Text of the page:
To put it simply, the Army Ethic defines the moral principles that guide us in the conduct of missions, performance of duty and really, in all aspects of our lives.Now our ethic is drawn from a lot of places, a wonderful fabric made from many threads. You can find it in law, institutional values, creeds, oaths, ethos and shared beliefs, and all that is brought together and embedded in our culture. It is intended to be inspiration. It's intended to inspire and to motivate all of us to make right decisions and to take right actions at all times. That ethic is the very heart of our shared professional identity, our sense of who we are, what our purpose is, in life and in how we serve the American people.
Like all of our sister services, the Army Profession is defined by its essential characteristics: Trust, Honorable Service, Military Expertise, Stewardship, and Esprit de Corps. It's the shared responsibility for all that you have learned intellectually in the past two years, your responsibility as members of the Profession, to not just develop yourselves academically, but to grow and strengthen those principles both within yourselves and within your services.
All of you pursue a truly noble calling. You contribute honorable service to the Nation. And in that tradition, you are citizens of Character, Competence, and Commitment. You have to exemplify the ideals that are inspired and set down in that ethic, living by and upholding that ethic as Trusted Professionals.
As leaders - as people in whom your services have really invested an incredible amount of confidence and resources and trust - it's as I said, now your strategic responsibility to be stewards, in a larger sense, of the profession. Strategic stewardship simply means you are responsible for setting priorities, for enacting policies, managing your resources, establishing programs, and designing systems that simply provide for your people, our larger military family.
As stewards of the profession, it is also your duty to strengthen these essential characteristics every day in all things that you do - every decision you make, every policy you sign, every order you give. And remember: whatever you do affects everyone within your ranks, those both above and below you. What you do matters, and is reflected in every rank, every grade, every components and cohort, throughout the force.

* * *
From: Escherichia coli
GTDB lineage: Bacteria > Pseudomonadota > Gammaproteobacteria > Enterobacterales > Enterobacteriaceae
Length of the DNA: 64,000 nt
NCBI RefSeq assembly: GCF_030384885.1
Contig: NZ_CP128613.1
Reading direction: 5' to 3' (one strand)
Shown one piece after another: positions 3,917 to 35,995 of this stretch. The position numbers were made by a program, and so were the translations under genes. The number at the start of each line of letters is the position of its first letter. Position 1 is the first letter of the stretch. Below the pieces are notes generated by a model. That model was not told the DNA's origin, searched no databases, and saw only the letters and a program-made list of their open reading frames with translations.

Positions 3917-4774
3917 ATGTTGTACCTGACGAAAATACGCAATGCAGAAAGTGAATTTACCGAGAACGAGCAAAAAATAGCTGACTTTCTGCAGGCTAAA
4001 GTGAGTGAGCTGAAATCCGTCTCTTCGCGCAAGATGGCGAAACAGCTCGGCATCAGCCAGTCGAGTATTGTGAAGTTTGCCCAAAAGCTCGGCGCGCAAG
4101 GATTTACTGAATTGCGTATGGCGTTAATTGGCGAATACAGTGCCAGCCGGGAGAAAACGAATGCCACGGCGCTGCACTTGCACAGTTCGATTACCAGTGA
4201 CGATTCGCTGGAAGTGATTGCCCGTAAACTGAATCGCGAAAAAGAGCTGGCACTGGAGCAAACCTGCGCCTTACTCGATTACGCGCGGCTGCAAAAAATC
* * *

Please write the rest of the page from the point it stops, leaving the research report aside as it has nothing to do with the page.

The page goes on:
To state the obvious, the resources provided to our ranks are tight and getting tighter. Still, some things will come to bear: we are going to have less of everything - all of us, all the services - but we will still be called; we will have fewer forces, fuller platforms to cover the full spectrum of missions, but regardless, we will answer; we will be challenged by smaller budgets with competing, often equally urgent demands.
For all of that I am reminded of Ben Franklin's oft-cited quote: we "must all hang together or surely we will hang separately." I have to tell you, despite materialistic challenges, budgetary challenges we will face, and I would argue that because of those very challenges, it is imperative that we - all the services - recommit to that common ethic. The thing that has through ups and downs carried this United States Military since its inception. And it is that thing that perhaps above all else, set the American military man and woman apart from most others on this planet.
It's within you, no matter what the budgetary reality, despite declining dollars and increasing risk, to remain strong. We are all confident as you leave this place, that you will lead through this. I have faith in you. I assure you military senior leaders have faith in you, and I know the American people do as well.
And speaking of faith, I know you took a staff ride last week to Gettysburg. Like most Americans, I consider Gettysburg to be hallowed ground, as I'm sure you found it to be as well.Some eight months ago, I had the opportunity to take part in two Medal of Honor ceremonies, one at the White House and one later at the Pentagon, for Army Lt. Alonzo Cushing, a true hero of Gettysburg. Lt. Cushing, a United States Military Academy graduate, now lies in the West Point Cemetery in Section 26, Row A, Grave 7.
His mother had a simple request upon his death. She asked that his headstone simply read "Faithful unto Death." Faithful unto death.
As on the battlefield, on land, on water or in the air, it really is faithfulness which defines us all. It is certainly faithfulness that permeates the Cushing legacy. The faithfulness of an amazingly young but incredibly dedicated soldier to do his duty; the faithfulness of his Wisconsin family who was willing to share his life and to sacrifice their most precious gifts in service to the Nation; the faithfulness of fellow soldiers of his like Sergeant Frederick Fuger - also a Medal of Honor recipient - who fought alongside his lieutenant to the very end; and, finally, and in some ways most importantly, the faithfulness of a Nation to honor and never forget its most patriotic servants.